Reputation has always been one of the primary assets for any business – if the word gets out that you cannot be trusted, individuals and other companies will be wary of dealing with you. If you are accused of shady activities, you are bound to lose partners, if only because being associated with you could negatively affect their reputation.
However, in these days of instant communication and always-online connectivity, reputation is particularly important. Social media, instant messaging, and broadband Internet ensure that any bad news about your company will spread like wildfire. A bad review can go a long way: 89% of US customers use online reviews to decide whether or not to deal with a business.
This article covers some ways you can manage your company’s online reputation better.
1. Check your digital imprint
The first thing a potential new client does before making a transaction is to Google your business. What do people see when they enter your company’s name into the search box? According to a recent study, companies on average lose about 22% of business if there is a single negative article on the first search results page. This share jumps to almost 60% if there are three such articles.
What is even worse, negative articles are not the only thing that can harm your image. Rarely updated websites, inactive social media accounts, inconsistent messages across different channels – all these can serve as potential red flags. You may look for them manually or try using special software developed for that purpose.
2. Use the right communication channels
Your business’ reputation depends, to a significant degree, on how effective you are at communicating your messages to clients and other businesses and at responding to communications in a timely and relevant manner. If your company becomes known for having a hard-to-reach customer support team or not responding to queries, you will experience problems. Choosing the right channel plays a significant role in establishing a positive, long-standing image for your business. Texting is one option that has been trending; if you want to know why texting should be used as a communications tool, consider this: 98% of text messages are opened, compared to only 22% of emails. When clients make calls to a business, most are placed on hold for about a minute, and only 14% of calls are not placed on hold. Text messaging may look impersonal and cold, but it certainly beats having a client try to contact you and hanging up in frustration.
3. Manage online reviews
A huge part of reputation management consists of tracking and managing online reviews, because they are the first thing that come into the spotlight when somebody tries searching for your business online. Start with identifying the primary platforms your clients use to evaluate your business, and try to figure out which have the most influence. Create your own accounts for each of them, study the platforms’ policies, and start going through existing reviews. Some of them will be spam, so you should flag them. Thank clients who left positive reviews. If a review raises an issue, respond to it and offer to resolve it – clients tend to value a resolution more than than a non-issue. After that, schedule regular (at least weekly) monitoring of all new feedback.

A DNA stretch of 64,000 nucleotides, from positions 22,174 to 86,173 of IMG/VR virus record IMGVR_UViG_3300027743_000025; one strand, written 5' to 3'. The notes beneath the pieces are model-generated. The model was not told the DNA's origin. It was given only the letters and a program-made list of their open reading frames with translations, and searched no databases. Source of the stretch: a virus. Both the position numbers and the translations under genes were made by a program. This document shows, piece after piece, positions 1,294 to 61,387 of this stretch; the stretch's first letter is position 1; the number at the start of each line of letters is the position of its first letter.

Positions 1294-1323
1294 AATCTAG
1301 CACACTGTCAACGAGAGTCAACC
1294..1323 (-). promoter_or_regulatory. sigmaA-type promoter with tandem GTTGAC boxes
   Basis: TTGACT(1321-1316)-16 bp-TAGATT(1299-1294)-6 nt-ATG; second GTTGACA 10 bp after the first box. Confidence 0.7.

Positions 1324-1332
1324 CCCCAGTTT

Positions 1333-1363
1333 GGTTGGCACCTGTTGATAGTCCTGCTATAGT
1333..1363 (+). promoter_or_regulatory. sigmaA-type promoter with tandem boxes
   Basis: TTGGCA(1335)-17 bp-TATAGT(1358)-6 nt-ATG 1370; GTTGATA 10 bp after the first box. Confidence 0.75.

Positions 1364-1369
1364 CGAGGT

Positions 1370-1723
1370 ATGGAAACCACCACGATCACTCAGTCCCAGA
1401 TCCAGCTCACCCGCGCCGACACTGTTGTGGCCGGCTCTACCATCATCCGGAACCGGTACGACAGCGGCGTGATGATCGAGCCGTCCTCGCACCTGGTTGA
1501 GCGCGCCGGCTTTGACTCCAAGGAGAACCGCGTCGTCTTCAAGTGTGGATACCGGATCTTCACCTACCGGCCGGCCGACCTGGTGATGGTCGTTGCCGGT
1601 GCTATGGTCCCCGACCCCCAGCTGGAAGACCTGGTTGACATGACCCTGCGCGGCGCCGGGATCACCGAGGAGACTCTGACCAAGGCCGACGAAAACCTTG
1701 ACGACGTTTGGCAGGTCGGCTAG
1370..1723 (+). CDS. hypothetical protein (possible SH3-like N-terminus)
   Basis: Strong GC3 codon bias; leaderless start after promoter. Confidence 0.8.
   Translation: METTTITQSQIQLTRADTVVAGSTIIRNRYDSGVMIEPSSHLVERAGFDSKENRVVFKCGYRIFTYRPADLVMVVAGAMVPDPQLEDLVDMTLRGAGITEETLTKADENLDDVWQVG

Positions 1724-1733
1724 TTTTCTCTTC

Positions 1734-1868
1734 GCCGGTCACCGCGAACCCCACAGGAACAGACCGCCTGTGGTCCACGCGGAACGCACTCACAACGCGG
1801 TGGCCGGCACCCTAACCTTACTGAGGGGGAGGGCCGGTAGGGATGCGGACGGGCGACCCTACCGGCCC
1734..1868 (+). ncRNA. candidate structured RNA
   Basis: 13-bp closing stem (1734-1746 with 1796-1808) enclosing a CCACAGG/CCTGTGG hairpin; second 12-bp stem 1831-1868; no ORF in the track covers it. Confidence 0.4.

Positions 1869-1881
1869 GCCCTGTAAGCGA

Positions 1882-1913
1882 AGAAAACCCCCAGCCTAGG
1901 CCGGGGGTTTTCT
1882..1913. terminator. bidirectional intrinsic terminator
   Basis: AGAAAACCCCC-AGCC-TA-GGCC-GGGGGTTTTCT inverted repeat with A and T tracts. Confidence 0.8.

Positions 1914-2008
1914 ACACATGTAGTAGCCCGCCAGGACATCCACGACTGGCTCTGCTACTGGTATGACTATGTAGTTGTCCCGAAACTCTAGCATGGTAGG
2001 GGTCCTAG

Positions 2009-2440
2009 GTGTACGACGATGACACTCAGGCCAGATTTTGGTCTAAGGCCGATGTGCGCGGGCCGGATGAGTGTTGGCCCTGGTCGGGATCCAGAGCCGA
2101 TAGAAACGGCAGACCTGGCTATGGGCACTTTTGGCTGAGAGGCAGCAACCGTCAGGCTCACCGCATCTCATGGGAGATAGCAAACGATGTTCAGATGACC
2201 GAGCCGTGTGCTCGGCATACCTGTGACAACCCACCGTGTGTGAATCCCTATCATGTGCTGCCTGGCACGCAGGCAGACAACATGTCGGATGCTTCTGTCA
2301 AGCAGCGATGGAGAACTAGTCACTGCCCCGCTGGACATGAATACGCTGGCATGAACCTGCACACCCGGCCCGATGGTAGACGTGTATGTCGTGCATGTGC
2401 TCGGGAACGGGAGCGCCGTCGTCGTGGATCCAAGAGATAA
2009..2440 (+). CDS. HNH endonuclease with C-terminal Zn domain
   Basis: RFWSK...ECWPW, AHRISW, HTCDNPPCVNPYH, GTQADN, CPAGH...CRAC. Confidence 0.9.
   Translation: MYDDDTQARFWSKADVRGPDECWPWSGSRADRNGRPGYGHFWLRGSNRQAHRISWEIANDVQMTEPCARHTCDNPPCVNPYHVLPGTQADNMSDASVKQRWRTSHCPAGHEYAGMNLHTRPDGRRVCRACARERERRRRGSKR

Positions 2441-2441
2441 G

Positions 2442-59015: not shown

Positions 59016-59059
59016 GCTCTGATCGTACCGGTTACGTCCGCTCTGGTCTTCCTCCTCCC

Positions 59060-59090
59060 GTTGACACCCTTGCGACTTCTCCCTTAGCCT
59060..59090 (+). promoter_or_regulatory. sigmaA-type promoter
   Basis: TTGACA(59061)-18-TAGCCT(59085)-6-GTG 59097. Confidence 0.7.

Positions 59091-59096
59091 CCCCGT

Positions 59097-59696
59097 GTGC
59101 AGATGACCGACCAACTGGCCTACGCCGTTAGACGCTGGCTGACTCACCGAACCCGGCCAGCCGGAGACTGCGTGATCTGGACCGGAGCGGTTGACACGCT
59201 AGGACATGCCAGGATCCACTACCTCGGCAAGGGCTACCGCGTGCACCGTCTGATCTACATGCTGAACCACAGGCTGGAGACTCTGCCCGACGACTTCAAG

4. Get more reviews
You cannot just get a certain number of reviews and be done. Sixty-nine percent of customers consider reviews older than three months to be irrelevant. This means that you need a constant incoming flow of positive reviews if you want clients to see your business as thriving and functional. There are many ways to encourage customers to publish reviews: send them an email after they make a purchase, request a review via SMS, design a landing page around receiving reviews. The possibilities are endless.
5. Publish valuable content
The content you publish should be what your clients find valuable, not what you think is valuable to them. You have probably heard “content is king” for years, but here is a stat to give you some perspective: 75% of customers claim that a company’s content makes a significant impact on their buying decisions. If you do not care enough to offer your customers valuable content, they see you as being in business only for the money.
Reputation management is a vital part of any business strategy – especially today when everything you do or say immediately becomes known to everybody.
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